This episode we managed to get away from our workstations and head outside to Munich’s beautiful olympic park. There we found some prime examples of the shapes soap films form when they evolve between metal wires.
Yes – we’re talking about Frei Otto and his Olympiapark. Frei Otto was one of only two german architects to ever win the Pitzker price for his contribution to the design of tensile structures. Noticed those tent like roofs that span across the Olympic Stadium and The Olympic Halls? Those are what’s called minimal surfaces. But how do you design a shape like this when you don’t have access to powerful computers? (When the Munich Olympiapark was planned in the late 60s, there was only limited computational power available to engineers and architects.)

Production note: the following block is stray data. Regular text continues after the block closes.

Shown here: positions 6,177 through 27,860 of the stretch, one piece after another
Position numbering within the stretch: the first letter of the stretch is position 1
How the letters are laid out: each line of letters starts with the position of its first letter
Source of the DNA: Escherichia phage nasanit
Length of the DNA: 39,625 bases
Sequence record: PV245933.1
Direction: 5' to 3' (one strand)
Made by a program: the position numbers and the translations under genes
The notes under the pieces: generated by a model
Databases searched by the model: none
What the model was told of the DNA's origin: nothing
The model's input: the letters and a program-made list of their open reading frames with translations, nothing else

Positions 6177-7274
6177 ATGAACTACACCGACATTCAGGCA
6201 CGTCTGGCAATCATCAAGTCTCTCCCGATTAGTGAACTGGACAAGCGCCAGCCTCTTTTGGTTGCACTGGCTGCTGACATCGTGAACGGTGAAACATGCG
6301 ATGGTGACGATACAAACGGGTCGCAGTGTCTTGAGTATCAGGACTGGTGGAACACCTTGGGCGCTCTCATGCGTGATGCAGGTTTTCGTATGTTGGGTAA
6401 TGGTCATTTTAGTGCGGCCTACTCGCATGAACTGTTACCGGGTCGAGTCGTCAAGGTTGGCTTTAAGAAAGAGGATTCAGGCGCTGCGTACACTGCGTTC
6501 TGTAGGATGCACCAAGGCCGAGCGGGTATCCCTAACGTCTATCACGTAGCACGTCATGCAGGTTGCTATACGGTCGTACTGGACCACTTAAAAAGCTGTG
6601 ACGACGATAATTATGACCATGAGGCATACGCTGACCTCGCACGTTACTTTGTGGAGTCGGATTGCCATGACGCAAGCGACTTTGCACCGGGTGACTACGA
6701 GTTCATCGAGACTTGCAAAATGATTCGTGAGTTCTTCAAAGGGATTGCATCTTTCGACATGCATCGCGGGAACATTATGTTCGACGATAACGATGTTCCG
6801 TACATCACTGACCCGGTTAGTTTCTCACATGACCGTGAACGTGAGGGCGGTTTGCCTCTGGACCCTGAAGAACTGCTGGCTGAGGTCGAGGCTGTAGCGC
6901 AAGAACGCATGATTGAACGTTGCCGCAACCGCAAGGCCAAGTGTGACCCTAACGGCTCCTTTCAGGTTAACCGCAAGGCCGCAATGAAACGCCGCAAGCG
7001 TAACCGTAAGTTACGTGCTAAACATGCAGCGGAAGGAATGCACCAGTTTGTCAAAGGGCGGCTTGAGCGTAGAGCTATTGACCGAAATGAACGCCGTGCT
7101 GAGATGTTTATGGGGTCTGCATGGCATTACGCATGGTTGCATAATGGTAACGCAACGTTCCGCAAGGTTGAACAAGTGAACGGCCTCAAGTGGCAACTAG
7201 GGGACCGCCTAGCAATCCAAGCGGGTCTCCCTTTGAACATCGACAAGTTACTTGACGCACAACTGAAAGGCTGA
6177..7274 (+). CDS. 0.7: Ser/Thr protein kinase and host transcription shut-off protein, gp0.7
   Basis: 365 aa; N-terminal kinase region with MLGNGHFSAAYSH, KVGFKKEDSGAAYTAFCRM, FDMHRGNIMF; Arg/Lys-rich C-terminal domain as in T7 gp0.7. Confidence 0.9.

Frei Otto used a very analog approach – building major structural components in a wire model and then dipping it into liquid soap. Et voilá the soap by its very nature formed the shapes we can now marvel at in Munich.
We (of course) stuck to a computational approach of solving the minimal surface problem. There are advanced techniques involving heavy calculations but we stick to a more brute force approach – building a particle network that behaves as if it’s particles were interconnected by small springs.
Have fun with it!